What objections do some animals raise to the principles of animalism in Animal Farm?
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The answer to this question can be found at the very beginning of Chapter 2.
Various of the animals have different arguments for why it is either not right or not practical to follow the principles of animalism. They raise these at the early meetings on the subject.
Some of the animals argue that they have a responsibility to remain loyal to Farmer Jones. Others argue that it is not practical to break away from him -- they say that he is the one who feeds them and they would starve without him.
Others of the animals do not care, or do not care enough to help with the rebellion. They think it will either happen after they are dead or they think it will be able to succeed without them so they have no incentive to participate.
It is important to think about how this parallels to the Russian Revolution.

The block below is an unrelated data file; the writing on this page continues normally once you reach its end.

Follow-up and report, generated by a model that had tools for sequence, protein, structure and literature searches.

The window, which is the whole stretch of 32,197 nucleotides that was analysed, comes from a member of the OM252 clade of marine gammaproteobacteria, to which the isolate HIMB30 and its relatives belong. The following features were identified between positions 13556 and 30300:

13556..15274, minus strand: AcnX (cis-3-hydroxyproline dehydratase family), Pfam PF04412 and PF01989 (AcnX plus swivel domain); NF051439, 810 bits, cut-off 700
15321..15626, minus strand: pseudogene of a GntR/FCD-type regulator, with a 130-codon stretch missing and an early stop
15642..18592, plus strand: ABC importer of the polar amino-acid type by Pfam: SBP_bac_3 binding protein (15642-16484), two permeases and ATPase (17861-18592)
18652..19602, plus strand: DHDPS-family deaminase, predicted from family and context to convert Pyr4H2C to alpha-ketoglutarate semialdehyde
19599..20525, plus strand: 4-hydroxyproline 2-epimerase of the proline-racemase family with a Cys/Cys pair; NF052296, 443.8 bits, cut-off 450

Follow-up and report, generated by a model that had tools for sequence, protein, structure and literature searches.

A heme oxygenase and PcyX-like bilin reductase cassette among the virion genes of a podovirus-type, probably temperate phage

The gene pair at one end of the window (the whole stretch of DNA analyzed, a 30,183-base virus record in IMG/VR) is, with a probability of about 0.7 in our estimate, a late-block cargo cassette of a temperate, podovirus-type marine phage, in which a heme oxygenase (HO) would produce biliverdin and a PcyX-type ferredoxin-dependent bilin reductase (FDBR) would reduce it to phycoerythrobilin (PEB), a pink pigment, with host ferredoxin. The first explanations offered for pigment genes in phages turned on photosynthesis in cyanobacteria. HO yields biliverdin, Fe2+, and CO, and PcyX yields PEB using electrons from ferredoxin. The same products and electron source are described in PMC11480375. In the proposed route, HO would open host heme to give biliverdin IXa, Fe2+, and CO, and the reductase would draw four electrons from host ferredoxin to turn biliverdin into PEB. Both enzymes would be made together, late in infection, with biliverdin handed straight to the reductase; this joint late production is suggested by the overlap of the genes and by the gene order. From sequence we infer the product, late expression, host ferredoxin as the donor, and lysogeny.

If Farmer Jones represents the reign of the Romanov family, when Lenin (Old Major) came along, the people weren't quite sure whether to follow Lenin or not. This is very probable among peoples who weren't taught to think for themselves or the value of the freedom to think like we have here in America. They people were used to being treated a certain way, even if it was bad. So if Animalism represents the beginning tenants of Communism, the animals justifably had room for question. What's interesting about the different animals is that they likely represent different types of people. Some people just go with change when it happens. Others are completely unchanged no matter who is in charge. Yet another type of people have fundamental beliefs and values that they stick with strongly and when an ideology comes along, they either follow strongly or oppose it.
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